Can e85 be mixed with regular gasoline?

Can e85 be mixed with regular gasoline?

This question is asked very often. Since e85 is already a mixture of 85 percent ethanol and 15 percent gasoline, it is just fine to mix the two fuels.

Let’s say that you fill up with e85 before a trip then continue to your destination. When you are ready to leave, you notice there are no e85 stations around. You have less then half a tank left of e85, and you need to fill up. Filling up your tank with regular gas is just fine for your flex fuel vehicle.

Filling up will regular gas will only dilute the e85 ethanol from the original fill up. With a rough calculation, if you have half a tank of e85 and fill up with regular gas, you will have approximately 40 percent ethanol and 60 percent gasoline in your tank.

If your vehicle is a flex fuel vehicle, it will be able to take any combination of e85 and gasoline.

Converting to ethanol in Australia

Much like in America, ethanol is also booming down under in Australia. According to Tony Kelly, the New South Wales Minister for Regional Development, service stations have been converting vehicles and gas stations as fast as they could.

The only problem is that the employees that complete the ethanol conversions are falling behind due to the very high demand.

The Australian Government has been giving many companies resources to convert their infrastructure from petroleum to ethanol however the resources are set to expire in October of 2007.

The New South Wales Government is asking the Commonwealth to extend the ethanol distribution program for another four years, well past the deadline of October.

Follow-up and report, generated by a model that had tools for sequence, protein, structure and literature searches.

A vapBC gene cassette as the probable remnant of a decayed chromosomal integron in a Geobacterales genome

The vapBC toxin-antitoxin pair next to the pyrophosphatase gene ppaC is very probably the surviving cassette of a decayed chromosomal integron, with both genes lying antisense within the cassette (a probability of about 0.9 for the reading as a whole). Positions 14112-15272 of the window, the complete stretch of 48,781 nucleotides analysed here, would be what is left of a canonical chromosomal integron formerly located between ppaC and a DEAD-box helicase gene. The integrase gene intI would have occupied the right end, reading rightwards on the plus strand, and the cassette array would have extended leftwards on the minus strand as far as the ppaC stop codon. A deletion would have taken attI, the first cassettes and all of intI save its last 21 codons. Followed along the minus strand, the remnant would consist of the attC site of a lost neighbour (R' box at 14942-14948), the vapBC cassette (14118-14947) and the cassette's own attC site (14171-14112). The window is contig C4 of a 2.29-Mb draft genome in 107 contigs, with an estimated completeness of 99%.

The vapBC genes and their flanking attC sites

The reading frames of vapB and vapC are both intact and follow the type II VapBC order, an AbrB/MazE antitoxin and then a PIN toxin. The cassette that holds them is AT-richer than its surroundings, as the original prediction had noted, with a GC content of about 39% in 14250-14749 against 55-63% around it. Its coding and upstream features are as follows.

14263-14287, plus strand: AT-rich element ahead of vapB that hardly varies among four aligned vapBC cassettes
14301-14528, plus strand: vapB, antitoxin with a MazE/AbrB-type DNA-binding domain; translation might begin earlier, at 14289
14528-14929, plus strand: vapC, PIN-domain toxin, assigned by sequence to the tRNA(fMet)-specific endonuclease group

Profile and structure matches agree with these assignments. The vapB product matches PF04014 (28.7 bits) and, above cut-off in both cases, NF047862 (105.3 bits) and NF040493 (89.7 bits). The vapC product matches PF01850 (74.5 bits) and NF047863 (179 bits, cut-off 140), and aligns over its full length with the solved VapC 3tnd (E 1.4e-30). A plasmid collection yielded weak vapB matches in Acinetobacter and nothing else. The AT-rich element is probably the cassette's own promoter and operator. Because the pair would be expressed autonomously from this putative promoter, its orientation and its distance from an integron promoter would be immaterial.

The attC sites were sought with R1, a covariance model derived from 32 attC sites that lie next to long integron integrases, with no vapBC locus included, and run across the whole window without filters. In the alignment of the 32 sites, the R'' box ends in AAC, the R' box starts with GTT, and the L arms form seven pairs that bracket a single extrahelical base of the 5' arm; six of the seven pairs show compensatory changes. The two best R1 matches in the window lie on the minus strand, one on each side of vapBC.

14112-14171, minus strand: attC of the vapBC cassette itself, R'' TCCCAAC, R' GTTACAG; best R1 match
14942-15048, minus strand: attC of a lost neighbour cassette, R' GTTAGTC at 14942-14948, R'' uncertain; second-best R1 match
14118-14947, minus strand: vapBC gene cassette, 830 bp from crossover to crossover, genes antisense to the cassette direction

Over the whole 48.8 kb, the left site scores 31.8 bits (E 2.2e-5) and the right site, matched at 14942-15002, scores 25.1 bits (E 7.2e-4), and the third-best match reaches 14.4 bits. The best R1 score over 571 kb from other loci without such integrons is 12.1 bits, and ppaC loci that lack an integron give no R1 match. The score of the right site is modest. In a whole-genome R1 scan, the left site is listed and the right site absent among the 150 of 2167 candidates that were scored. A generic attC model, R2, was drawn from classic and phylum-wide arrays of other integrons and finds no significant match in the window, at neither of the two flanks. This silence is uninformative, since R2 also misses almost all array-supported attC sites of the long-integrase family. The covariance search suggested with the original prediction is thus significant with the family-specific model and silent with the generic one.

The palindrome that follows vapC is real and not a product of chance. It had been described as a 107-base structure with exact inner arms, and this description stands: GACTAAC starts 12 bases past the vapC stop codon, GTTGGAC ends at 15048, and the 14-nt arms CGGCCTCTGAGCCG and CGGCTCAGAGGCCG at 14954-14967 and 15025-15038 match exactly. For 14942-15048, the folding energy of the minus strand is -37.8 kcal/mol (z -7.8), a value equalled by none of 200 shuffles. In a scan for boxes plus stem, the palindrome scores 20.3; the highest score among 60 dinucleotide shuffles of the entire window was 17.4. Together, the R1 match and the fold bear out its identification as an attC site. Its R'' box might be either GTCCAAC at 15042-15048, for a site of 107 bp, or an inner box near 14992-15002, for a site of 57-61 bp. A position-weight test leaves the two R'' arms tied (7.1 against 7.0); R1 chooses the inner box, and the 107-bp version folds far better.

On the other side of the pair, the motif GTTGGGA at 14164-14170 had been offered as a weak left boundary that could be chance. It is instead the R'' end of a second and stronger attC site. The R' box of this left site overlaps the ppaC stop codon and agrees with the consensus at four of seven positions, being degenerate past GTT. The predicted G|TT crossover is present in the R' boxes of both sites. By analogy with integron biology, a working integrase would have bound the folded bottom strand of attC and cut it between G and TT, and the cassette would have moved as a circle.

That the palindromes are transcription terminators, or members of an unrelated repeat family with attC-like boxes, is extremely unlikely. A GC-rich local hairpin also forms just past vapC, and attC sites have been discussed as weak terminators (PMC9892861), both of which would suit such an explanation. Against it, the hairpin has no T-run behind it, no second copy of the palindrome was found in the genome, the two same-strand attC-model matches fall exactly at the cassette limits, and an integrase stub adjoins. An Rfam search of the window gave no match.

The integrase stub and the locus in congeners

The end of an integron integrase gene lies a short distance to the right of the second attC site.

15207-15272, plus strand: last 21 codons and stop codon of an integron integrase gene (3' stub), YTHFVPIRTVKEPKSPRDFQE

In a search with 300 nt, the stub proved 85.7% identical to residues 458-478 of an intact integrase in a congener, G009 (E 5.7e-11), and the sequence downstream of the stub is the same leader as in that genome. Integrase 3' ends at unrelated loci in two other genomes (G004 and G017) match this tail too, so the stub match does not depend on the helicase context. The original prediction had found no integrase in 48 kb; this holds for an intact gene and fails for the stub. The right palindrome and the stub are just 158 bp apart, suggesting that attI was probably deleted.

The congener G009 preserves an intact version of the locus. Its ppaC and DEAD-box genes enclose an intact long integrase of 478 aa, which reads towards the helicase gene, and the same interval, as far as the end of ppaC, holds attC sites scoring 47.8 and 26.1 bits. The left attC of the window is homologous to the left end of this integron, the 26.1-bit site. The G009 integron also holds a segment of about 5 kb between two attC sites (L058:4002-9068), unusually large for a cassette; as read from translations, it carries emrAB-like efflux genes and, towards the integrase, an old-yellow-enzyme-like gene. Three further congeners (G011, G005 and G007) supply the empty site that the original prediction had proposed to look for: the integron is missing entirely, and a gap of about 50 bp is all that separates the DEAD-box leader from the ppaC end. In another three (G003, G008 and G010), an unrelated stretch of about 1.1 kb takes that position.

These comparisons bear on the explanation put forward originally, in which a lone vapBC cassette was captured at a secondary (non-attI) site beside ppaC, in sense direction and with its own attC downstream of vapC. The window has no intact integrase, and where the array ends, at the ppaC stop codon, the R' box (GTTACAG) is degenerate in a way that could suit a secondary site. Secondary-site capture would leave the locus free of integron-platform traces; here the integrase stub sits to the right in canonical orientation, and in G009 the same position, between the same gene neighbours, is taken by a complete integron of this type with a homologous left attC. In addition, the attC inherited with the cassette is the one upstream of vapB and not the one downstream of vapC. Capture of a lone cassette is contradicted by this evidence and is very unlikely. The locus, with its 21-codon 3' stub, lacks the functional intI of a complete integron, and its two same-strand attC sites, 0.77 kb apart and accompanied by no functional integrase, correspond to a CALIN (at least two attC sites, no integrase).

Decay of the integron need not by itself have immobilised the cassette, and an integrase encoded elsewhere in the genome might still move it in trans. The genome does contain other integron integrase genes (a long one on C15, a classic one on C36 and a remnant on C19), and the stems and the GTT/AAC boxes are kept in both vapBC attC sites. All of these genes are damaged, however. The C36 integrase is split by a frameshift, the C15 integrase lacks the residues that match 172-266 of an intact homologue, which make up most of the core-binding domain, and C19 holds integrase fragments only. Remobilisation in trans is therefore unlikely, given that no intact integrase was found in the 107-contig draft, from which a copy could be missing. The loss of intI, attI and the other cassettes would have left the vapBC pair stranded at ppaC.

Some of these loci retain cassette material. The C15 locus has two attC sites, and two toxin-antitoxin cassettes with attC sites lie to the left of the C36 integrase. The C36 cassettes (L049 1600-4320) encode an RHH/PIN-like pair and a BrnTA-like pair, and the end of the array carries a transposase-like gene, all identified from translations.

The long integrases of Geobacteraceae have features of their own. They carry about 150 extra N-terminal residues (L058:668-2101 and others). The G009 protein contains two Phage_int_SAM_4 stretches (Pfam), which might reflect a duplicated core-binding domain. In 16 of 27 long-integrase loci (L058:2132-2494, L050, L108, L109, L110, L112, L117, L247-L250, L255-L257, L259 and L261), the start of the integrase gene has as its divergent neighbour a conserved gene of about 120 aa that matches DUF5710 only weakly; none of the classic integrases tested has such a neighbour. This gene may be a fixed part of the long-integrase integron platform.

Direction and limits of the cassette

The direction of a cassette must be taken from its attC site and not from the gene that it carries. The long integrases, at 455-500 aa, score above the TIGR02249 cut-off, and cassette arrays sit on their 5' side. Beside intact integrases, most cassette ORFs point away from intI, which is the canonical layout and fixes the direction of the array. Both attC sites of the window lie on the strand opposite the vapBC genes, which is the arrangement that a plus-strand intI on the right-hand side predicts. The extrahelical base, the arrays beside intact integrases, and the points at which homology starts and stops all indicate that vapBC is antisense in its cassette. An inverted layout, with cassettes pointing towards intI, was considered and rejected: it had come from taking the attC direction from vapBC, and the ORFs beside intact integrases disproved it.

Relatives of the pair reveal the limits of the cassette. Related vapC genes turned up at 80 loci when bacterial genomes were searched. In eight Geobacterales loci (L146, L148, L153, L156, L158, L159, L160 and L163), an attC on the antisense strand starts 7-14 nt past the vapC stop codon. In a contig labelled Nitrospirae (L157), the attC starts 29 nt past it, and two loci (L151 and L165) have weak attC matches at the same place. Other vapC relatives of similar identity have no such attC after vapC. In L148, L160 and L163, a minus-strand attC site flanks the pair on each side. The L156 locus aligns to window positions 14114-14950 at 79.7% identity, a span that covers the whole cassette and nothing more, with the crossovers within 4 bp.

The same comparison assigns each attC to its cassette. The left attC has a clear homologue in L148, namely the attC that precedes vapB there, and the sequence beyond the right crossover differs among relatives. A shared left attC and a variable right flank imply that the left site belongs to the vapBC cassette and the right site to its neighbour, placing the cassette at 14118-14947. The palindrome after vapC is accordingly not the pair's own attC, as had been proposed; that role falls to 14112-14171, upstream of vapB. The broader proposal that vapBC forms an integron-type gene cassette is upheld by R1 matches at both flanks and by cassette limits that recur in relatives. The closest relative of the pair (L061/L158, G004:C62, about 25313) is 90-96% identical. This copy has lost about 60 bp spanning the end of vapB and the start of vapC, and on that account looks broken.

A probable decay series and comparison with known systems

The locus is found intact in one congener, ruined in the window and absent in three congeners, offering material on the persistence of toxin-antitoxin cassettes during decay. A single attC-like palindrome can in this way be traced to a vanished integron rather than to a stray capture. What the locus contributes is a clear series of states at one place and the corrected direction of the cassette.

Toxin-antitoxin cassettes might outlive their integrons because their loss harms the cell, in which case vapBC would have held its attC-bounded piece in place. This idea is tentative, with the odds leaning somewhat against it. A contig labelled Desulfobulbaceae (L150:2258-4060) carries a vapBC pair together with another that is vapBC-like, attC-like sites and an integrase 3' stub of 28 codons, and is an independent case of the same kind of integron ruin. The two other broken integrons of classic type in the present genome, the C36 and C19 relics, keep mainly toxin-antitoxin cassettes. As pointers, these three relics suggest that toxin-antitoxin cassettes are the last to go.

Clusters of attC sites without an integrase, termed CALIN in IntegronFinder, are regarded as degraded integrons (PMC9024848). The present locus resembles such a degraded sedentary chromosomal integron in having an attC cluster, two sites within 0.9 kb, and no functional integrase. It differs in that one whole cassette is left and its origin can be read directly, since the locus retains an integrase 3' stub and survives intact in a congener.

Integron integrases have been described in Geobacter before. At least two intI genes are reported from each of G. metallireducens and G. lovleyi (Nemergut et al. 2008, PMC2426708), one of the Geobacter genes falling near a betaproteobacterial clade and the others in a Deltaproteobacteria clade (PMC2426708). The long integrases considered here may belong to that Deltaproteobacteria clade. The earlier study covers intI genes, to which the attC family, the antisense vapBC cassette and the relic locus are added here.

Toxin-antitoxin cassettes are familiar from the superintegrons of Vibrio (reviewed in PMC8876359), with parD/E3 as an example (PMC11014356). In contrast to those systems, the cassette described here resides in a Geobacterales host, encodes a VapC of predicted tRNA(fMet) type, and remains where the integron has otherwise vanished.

Last year, Australia announced plans to provide resources to fuel stations to upgrade their fuel tanks in order for the tanks to carry ethanol along with gasoline.

Originally, the ethanol distribution program was to run for only one year. Tony Kelly says the twelve month time frame is far from enough to upgrade. With public interest and awareness at its peak, now is not the time for pulling the plug on the bio-fuel industry.

Follow this link for more information on converting to ethanol.

Other sources of Ethanol

Universities and businesses in Michigan are preparing for a future that will be powered by plants, and not petroleum. Bruce Dale is adding his voice to the many more that are calling for more ethanol and less petroleum for trucks, cars, and SUVs.

But while the current focus for ethanol vehicles tends to be corn based fuels, Bruce sees a solution with many other plants as well.

Dale is a Michigan State University professor who is conducting research for turning other plant materials into fuel. He was also one of the presenters at the US BioEnergy Corporation corn ethanol plant in Woodbury that was focused on alternative fuel.

According to Dale, the age of oil is ending. Dale is a professor of chemical engineering and materials science at Michigan State University. He wonders what we can do about our dependence on foreign oil.

Fossil-based petroleum fuel products account for 97 percent of the fuel needed for cars and trucks, Dale said.

According to Dale, America literally stops without oil.

Dale sees a resolution for the trouble. Switching from oil based products such as petrol and diesel to ethanol would cut the need for oil, produce less hydrocarbon emissions and might have the United States less reliant on oil-rich areas such as the Middle East.

But maize only won’t offer that vitality, Dale said.

Dale has worked for over 30 years to discover more cost effective ways to develop ethanol made from other new substances – commonly known as cellulosic ethanol. Sources for that sort of fuel can include rice husks, wheat straw and saw debris – things that had been considered waste.

A few years ago, it cost as more as $1.40 a gallon to develop cellulosic ethanol. But improvements in engineering could take the cost downward to about 60 cents a gallon in another 15 to 20 years.

According to Dale, ethanol could be sold for between $1.50 to $1.70 a gallon at the pump.

The Minnesota based US BioEnergy plans to increase its capacity from 300 million gallons to 1 billion gallons a year by the year 2009.

US BioEnergy has four ethanol plants and is currently building three more, says Kim Mitchell, the vice president of engineering for US BioEnergy.